About - Maryvale's History

An account of the history and heritage of Maryvale House and Institute

An Historic Spiritual Environment for Academic Work

Maryvale Institute, Early 20th Century

Maryvale occupies a unique place in the history of the Catholic Church in England. Catholic worship has been celebrated continuously on the site for over 1000 years. The oldest part of the present building, originally called Oscott House, was the home of the Bromwich family, and the base for the local Catholic mission during the 17th and 18th centuries. Andrew Bromwich was one of the last priests to be imprisoned towards the end of the penal period, and when he inherited the family house he gave it over for the use of the Church as the English mission emerged from the shadows with the gradual relaxation of the anti-Catholic laws.

From 1794 to 1838 it became the first seminary established in England and, being placed under the patronage of Our Blessed Lady, became known as St Mary’s College, Oscott. When the seminary was relocated to a new and larger building in 1838 (in the area of Birmingham that is still called New Oscott) it was used as a school until in 1846 it became the home of St John Henry Newman and his community of fellow converts. Following ordination in Rome, he established the first English Oratory there and renamed the house Maryvale.

After the Oratory moved to central Birmingham, Maryvale briefly became the novitiate for the Oblates of Mary Immaculate and was visited by their founder, St Eugene de Mazenod. Then for nearly 130 years it housed an orphanage run by the Sisters of Mercy until they left in 1980 when it assumed its present role as an institute for adult faith formation.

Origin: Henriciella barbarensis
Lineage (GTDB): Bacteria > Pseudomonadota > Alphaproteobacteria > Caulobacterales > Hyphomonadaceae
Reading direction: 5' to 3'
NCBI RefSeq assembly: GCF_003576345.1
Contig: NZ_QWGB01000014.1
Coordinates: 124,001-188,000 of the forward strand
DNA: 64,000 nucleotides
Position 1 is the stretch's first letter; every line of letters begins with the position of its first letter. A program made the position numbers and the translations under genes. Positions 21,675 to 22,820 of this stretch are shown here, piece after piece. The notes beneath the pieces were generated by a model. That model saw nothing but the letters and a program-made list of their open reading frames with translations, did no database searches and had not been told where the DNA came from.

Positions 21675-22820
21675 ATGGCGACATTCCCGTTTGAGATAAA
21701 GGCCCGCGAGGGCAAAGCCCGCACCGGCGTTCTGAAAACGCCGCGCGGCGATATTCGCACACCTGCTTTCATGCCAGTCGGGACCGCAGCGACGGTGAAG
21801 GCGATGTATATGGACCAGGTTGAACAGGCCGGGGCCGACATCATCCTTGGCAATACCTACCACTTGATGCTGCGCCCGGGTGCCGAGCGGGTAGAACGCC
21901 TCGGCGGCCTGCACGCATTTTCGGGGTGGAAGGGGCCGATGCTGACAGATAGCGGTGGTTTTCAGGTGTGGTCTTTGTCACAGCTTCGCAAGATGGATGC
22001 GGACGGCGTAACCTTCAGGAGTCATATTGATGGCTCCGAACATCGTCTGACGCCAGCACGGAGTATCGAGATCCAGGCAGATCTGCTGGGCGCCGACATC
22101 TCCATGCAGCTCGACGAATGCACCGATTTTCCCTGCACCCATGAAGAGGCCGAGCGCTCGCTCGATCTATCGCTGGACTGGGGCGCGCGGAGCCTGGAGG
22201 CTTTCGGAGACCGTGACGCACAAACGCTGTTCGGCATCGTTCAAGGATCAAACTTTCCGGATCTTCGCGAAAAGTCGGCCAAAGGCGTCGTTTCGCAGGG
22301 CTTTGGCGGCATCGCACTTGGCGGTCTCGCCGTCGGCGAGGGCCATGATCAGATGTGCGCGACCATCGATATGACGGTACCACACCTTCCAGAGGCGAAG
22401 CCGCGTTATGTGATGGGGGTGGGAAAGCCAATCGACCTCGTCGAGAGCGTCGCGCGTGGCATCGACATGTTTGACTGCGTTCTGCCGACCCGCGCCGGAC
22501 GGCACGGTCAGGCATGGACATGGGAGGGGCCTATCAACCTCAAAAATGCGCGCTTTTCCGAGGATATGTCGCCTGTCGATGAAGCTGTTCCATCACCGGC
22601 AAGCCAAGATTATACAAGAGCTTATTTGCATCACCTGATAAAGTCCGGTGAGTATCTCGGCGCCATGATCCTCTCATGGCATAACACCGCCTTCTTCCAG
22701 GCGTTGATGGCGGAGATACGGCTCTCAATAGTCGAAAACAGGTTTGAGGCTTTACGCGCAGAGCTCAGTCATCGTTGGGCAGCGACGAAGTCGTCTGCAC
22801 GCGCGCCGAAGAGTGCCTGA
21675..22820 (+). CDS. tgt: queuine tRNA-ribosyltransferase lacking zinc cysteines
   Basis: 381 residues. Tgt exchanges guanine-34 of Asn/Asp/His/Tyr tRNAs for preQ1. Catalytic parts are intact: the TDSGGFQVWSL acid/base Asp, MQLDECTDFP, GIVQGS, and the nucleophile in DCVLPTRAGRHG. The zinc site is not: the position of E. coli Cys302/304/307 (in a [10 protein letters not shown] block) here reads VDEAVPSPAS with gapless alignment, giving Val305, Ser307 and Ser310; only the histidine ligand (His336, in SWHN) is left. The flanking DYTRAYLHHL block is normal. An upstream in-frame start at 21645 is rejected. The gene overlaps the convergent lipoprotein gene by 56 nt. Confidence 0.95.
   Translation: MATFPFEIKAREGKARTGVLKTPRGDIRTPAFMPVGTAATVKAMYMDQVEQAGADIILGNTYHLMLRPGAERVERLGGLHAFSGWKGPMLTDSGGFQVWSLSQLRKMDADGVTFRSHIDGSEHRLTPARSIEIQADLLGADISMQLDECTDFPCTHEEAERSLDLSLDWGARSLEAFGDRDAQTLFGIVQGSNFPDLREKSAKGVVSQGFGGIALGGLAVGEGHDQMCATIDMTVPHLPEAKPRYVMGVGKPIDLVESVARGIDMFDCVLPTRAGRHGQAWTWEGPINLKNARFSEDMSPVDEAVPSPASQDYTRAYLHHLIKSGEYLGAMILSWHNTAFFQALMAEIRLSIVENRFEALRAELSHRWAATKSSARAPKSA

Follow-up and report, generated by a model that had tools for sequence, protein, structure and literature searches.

Maryvale Chapel around Newman's time

Maryvale also contains Britain’s first public shrine to the Sacred Heart of Jesus, established by Bishop Milner in 1814, who built a small chapel to house an image of the Sacred Heart painted in glass as described by Saint Gertrude. The monthly first Friday devotions are held in the Institute chapel, and there is an annual novena leading up to the Solemnity of the Sacred Heart and culminating with a pilgrimage mass on the Sunday following.

Maryvale Chapel remained as the parish church and the centre of the local Catholic community until the new church of Our Lady of the Assumption was opened in the 1950’s to accommodate the needs of the expanding Maryvale parish.

Maryvale Institute, Early 20th Century

So as well as being a specialist educational centre, Maryvale is a place of worship, a place of pilgrimage and a spiritual community of prayer and mission. In 1999 sisters of the Order of the Most Holy Saviour of St Bridget - the Bridgettines - came to live at Maryvale in a new convent financed by Saint John Paul II. In addition to a deep devotion to our Lord’s sufferings and to the Blessed Sacrament, which is regularly exposed for adoration in the chapel, the sisters’ special charisms are contemplation, hospitality and prayer to foster unity among Christians.

The integration of study and prayer is a feature of all Maryvale courses and students participating in day or short residential programmes at the Institute enjoy teaching and learning opportunities united to a cycle of prayer and worship, including Mass and the Divine Office.

© Maryvale Institute 2023 - Maryvale Institute is part of the Birmingham Diocesan Trust, Reg'd Charity No. 234216